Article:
The Ladakh administration has ended the Inner Line Permit (ILP) system from travellers attractions in 'protected' areas.

This will make it easier for Indian tourists to visit Ladakh, who need permission from the government to visit such areas. This means that tourists can now easily visit places like Batalik in Kargil.

Those coming to these areas will still have to pay a green fee or environment fee of Rs 300 and a Red Cross fund fee of Rs 100. And these charges can be paid from hotels using the website.

Travelling Guidelines

1. Tourists need to note that the dismantling of the ILP system does not mean that they go anywhere. The Ladakh administration will notify areas, mostly 'zero-km' villages along the border, where tourists will not be allowed.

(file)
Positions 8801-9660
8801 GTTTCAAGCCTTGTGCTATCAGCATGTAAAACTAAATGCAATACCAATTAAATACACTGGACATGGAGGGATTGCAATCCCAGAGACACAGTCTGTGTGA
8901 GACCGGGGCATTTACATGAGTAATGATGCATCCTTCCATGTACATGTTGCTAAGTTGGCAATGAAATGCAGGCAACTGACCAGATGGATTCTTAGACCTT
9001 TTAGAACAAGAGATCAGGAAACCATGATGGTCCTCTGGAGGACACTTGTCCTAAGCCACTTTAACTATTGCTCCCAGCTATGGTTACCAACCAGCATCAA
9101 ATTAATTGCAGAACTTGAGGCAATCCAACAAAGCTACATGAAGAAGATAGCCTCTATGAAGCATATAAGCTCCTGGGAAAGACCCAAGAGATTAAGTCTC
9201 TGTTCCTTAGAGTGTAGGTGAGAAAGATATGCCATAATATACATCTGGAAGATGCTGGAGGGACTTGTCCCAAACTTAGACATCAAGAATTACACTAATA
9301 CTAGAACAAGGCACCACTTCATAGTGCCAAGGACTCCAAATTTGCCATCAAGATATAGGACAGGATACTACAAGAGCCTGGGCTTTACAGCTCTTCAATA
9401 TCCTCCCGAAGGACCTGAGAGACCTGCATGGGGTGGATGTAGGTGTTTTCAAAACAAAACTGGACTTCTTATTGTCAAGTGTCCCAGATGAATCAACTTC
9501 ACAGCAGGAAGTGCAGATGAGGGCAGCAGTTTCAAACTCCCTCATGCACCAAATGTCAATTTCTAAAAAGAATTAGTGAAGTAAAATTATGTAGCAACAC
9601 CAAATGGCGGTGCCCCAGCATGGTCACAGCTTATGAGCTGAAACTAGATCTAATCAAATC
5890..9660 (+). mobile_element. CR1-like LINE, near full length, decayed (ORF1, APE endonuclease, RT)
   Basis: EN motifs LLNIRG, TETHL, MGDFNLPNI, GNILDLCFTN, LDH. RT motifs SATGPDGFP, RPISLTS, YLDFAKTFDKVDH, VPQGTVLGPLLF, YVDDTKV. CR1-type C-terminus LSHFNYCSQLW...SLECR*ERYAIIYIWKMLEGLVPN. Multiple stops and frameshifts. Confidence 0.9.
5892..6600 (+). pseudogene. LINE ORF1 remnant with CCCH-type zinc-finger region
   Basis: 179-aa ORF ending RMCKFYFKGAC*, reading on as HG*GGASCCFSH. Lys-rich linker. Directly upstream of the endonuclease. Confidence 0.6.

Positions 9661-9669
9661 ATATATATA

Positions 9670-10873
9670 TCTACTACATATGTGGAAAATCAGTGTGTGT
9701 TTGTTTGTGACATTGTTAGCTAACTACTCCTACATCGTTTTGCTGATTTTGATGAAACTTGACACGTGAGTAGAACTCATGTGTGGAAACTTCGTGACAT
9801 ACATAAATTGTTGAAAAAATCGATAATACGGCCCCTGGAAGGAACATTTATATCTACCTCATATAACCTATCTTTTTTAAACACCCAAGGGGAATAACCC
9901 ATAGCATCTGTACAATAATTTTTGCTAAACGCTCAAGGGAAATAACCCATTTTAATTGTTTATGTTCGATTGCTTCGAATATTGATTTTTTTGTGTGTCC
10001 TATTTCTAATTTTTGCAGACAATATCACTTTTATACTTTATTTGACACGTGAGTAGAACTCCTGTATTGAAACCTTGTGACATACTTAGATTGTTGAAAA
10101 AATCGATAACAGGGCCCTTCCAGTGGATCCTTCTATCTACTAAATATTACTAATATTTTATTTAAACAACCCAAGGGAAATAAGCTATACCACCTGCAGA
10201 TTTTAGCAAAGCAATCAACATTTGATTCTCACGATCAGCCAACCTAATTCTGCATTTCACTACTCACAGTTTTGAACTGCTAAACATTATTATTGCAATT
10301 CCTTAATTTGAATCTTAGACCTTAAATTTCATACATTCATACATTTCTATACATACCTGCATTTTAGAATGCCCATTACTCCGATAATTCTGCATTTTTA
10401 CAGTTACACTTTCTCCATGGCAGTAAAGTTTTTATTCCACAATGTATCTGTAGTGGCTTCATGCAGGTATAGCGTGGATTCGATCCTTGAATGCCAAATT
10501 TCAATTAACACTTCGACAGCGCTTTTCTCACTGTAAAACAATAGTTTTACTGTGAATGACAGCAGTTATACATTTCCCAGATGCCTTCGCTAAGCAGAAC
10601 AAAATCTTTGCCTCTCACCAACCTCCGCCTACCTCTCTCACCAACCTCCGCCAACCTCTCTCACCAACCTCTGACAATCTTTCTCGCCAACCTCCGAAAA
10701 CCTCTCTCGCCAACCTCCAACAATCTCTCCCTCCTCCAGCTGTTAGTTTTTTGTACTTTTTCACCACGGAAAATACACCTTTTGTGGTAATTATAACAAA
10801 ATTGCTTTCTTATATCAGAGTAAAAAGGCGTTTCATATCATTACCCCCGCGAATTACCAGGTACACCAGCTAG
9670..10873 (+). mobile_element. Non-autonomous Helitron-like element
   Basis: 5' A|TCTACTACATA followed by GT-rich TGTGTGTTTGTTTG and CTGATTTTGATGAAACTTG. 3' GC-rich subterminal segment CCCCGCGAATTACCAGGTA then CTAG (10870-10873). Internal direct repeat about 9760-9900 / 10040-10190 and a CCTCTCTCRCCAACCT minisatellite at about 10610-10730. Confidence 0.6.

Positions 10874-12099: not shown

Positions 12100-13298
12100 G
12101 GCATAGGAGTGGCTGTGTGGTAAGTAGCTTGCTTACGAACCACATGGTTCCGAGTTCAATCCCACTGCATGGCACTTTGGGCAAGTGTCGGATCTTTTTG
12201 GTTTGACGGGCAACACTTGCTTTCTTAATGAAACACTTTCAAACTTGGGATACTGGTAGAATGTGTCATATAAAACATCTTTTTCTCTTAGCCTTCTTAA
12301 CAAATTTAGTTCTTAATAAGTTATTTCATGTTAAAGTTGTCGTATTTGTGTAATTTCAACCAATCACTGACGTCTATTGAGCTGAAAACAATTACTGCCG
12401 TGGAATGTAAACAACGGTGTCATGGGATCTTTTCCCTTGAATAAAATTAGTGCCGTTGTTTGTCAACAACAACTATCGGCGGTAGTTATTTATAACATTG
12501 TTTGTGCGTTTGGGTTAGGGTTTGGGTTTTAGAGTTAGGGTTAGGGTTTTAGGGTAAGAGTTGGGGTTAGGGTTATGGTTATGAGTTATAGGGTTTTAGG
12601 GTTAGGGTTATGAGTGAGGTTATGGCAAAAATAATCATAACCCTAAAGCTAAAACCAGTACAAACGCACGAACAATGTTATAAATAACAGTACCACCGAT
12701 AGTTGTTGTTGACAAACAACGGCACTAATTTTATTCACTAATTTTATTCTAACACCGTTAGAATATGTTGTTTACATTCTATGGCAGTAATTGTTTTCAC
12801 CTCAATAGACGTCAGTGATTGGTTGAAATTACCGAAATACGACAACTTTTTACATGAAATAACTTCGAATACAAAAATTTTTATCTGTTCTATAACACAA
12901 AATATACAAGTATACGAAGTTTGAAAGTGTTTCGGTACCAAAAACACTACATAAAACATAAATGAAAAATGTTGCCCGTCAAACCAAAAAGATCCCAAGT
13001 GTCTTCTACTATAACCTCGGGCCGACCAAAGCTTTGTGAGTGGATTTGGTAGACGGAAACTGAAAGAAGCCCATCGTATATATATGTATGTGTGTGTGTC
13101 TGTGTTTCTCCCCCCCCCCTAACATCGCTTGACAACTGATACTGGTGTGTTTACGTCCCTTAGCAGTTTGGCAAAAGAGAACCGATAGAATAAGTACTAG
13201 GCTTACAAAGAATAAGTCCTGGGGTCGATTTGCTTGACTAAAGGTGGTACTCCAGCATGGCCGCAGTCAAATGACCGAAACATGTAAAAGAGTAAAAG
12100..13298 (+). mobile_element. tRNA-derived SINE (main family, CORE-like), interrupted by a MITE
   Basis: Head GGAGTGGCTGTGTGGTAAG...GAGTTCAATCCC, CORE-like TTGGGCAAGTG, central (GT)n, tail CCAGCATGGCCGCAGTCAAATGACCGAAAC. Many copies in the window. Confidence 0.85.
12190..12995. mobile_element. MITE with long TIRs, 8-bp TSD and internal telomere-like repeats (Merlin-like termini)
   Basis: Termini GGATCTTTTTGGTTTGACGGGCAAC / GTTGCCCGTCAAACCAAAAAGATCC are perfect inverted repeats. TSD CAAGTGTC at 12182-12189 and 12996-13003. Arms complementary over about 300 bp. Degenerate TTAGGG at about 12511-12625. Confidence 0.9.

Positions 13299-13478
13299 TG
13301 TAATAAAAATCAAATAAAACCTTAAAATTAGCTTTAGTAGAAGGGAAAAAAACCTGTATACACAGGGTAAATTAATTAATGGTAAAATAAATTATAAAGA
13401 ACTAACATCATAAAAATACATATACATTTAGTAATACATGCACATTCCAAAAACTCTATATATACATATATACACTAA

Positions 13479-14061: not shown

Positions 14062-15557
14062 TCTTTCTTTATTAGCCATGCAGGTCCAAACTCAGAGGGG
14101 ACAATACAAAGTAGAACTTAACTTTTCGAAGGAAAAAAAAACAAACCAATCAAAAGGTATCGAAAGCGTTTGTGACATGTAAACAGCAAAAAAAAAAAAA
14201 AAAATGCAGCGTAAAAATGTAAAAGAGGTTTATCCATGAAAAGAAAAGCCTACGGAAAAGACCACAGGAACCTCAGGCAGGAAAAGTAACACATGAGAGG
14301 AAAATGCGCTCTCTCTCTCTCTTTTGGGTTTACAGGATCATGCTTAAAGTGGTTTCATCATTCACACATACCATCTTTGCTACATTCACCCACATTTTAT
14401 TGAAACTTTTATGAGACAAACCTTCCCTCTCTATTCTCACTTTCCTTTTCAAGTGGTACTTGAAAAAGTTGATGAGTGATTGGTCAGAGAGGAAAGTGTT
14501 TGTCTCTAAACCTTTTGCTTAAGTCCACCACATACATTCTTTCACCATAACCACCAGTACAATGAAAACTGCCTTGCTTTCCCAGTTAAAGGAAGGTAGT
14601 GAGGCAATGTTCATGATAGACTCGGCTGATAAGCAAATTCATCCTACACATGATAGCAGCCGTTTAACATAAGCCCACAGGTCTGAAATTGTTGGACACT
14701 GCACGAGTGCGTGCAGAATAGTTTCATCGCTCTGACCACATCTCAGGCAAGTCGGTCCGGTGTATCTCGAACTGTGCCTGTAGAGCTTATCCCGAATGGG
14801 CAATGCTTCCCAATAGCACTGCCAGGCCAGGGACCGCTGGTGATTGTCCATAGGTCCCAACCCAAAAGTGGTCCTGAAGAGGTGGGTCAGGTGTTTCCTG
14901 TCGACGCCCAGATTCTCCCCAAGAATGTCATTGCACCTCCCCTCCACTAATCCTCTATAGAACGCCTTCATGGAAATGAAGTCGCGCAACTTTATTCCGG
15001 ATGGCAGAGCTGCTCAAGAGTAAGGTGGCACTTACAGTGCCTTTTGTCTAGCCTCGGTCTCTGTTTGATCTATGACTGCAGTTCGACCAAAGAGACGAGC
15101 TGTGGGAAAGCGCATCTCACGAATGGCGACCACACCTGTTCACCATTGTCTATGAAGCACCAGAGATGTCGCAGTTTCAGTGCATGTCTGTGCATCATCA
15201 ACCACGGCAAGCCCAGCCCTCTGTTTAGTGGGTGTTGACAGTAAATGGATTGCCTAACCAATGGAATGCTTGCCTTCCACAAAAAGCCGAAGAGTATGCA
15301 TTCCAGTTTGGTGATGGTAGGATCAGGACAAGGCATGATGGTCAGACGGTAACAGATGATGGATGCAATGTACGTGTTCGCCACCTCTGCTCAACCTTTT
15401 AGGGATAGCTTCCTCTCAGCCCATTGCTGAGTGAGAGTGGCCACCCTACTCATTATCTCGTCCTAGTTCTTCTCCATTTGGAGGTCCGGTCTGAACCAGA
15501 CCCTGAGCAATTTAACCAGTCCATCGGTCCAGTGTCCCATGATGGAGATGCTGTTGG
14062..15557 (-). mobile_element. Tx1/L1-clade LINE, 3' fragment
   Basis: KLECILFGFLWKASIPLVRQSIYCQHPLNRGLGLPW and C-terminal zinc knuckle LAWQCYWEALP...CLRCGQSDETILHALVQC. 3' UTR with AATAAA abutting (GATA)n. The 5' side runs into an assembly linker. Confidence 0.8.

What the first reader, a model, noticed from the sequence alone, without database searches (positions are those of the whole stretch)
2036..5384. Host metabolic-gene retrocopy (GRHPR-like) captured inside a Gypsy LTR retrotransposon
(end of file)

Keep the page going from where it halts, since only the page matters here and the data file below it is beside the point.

2. Indian visitors are required to carry their valid ID proof during travel but travellers from other countries will still have to obtain a Protected Area Permit.

3. Dungti, Koyul, Thang villages in the Nubra Valley bordering Pakistan; Nyoma is likely to remain inaccessible to tourists from Demchok and Chumar.

4. On Saturday, the home ministry sought such a list and the areas would be finalized soon after discussions with the police and the army.

The Ladakh region was opened to tourists in 1947, but the areas they could visit were very limited. For example, there was a time when tourists were allowed to visit Pangong Tso only between 6 am and 5 pm. Since then, a lot of areas in Ladakh were opened up as the situation gradually improved.


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